On 24 July, the UK is hosting a ‘Global Disability Summit’. But the event is already under intense scrutiny, not least for what disabled people are calling the ‘hypocrisy’ of the UK government hosting it. This is because the UN has previously accused the government and its Department for Work and Pensions (DWP) of committing “grave” and “systematic” violations of disabled people’s human rights in the UK.
“Major commitments” for disabled people?
The UK government says the Global Disability Summit will:
bring together more than 700 delegates from governments, donors, private sector organisations, charities and organisations of persons with disabilities.
It says the event on 24 July in London:
is built around major commitments to be made around four major themes (dignity and respect for all, inclusive education, economic empowerment and technology & innovation) and includes additional cross-cutting and strategic spotlight sessions.
A different vision
But the Disabled People Against Cuts (DPAC) campaign group has hit back. In its role as part of the ‘Reclaiming Our Futures Alliance’, it has organised its own “International Deaf and Disabled People’s Solidarity Summit”. Taking place on 22 July, it will host speakers from across the world, and aims to “explore issues” around “oppression, resistance and international solidarity”.
While DPAC is not directly promoting its summit as a counter-event to the UK government’s one, the inference appears clear. Because the group has also hit back at what it calls the ‘hypocrisy’ of Theresa May’s government hosting the event.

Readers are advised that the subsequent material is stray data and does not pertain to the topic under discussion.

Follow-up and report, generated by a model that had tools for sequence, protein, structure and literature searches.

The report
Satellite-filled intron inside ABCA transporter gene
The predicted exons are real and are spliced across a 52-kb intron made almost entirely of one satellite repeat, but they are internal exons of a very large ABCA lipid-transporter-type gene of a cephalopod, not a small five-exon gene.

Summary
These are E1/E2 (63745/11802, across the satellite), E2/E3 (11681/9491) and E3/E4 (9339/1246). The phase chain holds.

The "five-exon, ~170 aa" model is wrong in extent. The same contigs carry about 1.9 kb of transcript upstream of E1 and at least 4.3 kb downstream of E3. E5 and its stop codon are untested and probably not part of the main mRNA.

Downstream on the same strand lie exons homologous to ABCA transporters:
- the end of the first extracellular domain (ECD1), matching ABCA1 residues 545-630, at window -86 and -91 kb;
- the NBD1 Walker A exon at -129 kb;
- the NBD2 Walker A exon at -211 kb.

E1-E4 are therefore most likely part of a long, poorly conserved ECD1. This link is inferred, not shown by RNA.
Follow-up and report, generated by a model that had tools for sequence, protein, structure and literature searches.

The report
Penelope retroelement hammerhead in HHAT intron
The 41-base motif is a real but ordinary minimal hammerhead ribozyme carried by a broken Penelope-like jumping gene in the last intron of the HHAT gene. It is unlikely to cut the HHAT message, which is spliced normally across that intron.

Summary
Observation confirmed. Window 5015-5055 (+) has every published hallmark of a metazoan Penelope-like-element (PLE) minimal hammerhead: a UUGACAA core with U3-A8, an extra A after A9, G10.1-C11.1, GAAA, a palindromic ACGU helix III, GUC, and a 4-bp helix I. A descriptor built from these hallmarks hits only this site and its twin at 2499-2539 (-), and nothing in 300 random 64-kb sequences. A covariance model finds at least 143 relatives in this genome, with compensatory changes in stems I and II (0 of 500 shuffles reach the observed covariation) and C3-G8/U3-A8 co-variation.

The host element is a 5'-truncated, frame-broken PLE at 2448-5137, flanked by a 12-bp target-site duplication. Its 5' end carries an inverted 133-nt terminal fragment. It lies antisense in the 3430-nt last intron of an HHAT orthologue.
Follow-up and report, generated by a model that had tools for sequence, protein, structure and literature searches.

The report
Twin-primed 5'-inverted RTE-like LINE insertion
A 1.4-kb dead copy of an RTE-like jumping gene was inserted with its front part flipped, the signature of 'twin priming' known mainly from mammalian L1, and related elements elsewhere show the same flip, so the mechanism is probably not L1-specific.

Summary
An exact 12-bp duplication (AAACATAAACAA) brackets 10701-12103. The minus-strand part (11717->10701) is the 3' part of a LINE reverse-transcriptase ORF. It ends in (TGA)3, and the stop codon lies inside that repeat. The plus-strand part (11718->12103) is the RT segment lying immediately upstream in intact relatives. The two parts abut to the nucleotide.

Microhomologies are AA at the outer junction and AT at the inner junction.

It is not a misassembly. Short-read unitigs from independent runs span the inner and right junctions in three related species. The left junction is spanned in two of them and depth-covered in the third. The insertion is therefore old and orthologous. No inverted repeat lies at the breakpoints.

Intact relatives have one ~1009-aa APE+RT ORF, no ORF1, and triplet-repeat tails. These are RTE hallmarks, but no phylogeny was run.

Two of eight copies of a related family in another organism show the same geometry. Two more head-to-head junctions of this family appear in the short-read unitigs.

The UK government and the DWP: “grave” and “systematic” human rights violations
You can read DPAC’s full statement here. But it has numerous concerns. These include the fear that the UK government’s involvement undermines the aims of the Global Disability Summit. This is, in part, because of a UN verdict after investigating successive UK governments and the DWP. It said there had been “grave” and “systematic” violations of disabled people’s human rights, resulting in a “human catastrophe”.
DPAC says the summit gives:
a platform for [the UK government] to showcase to other States how it is possible to get away with ignoring those rights when it comes to your own citizens.
The campaign group also raises the issue of the UK government “cynically” deflecting criticisms of itself by citing the “the poorer conditions of disabled people in other countries”. It also criticised the Department for International Development (DFID) for not including deaf and disabled people’s organisations in the planning of a £27m development programme.
Ellen Clifford from DPAC told The Canary:
We are strongly in favour of international support that improves the lives of Deaf and Disabled people across the world. We welcome co-operation between states that leads to stronger human rights laws and protections. However, we are concerned that the UK government’s recent history with the DWP of driving its own disabled citizens into degrading and inhumane conditions… makes it a poor fit to host such an event.
Can a future of support and inclusion for disabled people around the world really be their aim? It’s entirely hypocritical for the UK government to be calling on other countries to deliver the aims set out by the UN Convention on the Rights of People with Disabilities. This is because not only have they been found to be in breach of it, but have furthermore ignored and dismissed the concerns of the UN disability committee.
The involvement of the Government of Kenya discredits any debate that takes place at the Summit. Whatever the political reasons for involving Kenya in co-hosting the Summit, the rights and welfare of Disabled people seem to have had very little to do with it.
It will be interesting to see just what comes of the Global Disability Summit. But for DPAC, the hypocrisy of the UK government in hosting it is hard to get away from.
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